I don’t know what it’s like for you, but there are days when it feels I’m like meeting someone for the first time. Her features seem foreign to me, and that, in its way, is not so far from the truth.
I don’t know what it’s like for you: there are days when I am most comfortable if the sight is brief. Best if I have a specific task, like brushing my teeth or plucking at the ragged curve of my eyebrows until one bends to match the other; best if I can file the required report and move on, before too much is seen: Go ahead and wear that shirt. It looks well on you. No, there is no scratch on your cheek. It must have been a momentary twitch of a nerve… Yes, you look as tired as you feel. More tired. There it is. It’s not that I am ashamed, understand; my self-esteem is not a dress that has fallen and must be tugged back up. It’s not that I never stare; oh, stare I do. But there’s something unnerving about it.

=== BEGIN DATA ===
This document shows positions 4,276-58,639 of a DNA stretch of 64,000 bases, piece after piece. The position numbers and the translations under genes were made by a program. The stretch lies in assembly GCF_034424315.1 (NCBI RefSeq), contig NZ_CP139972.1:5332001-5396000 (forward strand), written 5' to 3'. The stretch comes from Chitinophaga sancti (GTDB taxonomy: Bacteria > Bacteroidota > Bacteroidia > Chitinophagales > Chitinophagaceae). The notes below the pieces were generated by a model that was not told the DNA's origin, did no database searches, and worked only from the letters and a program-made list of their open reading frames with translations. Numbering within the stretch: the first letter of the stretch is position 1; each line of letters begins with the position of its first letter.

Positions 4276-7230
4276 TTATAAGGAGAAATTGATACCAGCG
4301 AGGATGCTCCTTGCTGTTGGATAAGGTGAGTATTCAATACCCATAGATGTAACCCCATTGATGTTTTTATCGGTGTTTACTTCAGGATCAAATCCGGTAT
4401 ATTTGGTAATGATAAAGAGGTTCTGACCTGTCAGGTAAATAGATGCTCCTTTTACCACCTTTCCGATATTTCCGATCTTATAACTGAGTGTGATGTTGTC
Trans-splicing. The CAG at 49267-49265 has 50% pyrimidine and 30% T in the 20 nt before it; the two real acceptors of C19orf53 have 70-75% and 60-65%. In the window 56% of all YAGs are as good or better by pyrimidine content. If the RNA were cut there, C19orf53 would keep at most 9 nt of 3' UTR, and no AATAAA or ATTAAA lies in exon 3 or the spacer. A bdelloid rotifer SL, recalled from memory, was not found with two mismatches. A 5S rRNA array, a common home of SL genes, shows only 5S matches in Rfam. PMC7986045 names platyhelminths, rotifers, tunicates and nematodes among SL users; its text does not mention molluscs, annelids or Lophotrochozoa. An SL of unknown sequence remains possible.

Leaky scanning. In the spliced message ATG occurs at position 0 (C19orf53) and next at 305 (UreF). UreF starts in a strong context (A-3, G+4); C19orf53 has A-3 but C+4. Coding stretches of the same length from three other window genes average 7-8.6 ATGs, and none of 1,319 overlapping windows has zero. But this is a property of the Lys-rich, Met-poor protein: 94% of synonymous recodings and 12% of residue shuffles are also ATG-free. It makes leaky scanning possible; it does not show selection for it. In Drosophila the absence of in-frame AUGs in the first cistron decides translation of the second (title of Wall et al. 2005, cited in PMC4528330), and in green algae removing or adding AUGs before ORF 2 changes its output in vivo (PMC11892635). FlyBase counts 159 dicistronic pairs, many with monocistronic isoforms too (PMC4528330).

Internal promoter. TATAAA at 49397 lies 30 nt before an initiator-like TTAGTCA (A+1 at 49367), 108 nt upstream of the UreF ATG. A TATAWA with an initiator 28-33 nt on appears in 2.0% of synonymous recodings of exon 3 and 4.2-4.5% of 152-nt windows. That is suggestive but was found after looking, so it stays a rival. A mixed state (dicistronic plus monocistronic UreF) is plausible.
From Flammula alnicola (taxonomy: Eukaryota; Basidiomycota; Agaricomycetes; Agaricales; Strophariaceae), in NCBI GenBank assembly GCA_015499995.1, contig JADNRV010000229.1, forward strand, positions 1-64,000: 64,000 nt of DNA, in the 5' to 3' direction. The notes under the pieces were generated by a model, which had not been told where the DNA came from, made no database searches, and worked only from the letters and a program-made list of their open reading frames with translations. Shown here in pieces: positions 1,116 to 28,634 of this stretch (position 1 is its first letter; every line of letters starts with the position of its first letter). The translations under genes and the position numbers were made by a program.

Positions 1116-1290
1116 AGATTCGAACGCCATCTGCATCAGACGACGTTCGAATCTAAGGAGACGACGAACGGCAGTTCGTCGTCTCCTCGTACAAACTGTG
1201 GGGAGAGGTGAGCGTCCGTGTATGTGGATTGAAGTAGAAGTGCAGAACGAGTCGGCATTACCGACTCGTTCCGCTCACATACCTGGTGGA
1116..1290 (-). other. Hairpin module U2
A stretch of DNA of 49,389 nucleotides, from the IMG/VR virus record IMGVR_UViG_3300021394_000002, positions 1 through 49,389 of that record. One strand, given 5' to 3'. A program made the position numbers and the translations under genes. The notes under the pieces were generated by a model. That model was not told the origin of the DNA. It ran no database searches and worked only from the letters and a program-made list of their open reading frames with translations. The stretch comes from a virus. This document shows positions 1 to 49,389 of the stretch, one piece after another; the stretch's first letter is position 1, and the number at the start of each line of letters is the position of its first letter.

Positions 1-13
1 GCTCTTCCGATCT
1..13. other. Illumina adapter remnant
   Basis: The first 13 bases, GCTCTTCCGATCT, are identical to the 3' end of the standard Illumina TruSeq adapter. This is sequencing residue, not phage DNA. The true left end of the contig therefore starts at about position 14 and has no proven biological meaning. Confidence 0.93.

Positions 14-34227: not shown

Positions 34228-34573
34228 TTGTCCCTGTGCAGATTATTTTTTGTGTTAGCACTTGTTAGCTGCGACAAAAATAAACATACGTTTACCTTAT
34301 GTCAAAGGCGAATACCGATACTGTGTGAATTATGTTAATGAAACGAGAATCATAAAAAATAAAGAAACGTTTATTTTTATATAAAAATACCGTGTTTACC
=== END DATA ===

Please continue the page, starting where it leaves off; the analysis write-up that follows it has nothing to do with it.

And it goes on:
I don’t know what it’s like for you. For me it’s a question of manners. Too direct a gaze creates an impossible challenge: which pair of eyes will drop first? I know that both are mine. Yet how strange is what I perceive—that I am at home inside one set of arms and legs, and at the same time these very limbs are hanging quite happily on a separate frame. That I am twinned.
I live quite comfortably with this contradiction, of course; but I suppose I haven’t always.
Babies aren’t born with what psychologists (somewhat ploddingly) call “mirror self-recognition.” It takes many months before they’re able to draw an unfaltering line between their reflections and themselves, to comprehend that the stare that meets their own so fearlessly does not belong to another human being. It’s not just a question of waiting until certain inevitable developments take place in the brain, either—though that is important. A light bulb doesn’t just blaze on one day and transform stranger into self. No; in fact, developing the ability to recognize one’s own body in the mirror seems to be a surprisingly rational undertaking, and one that builds over time.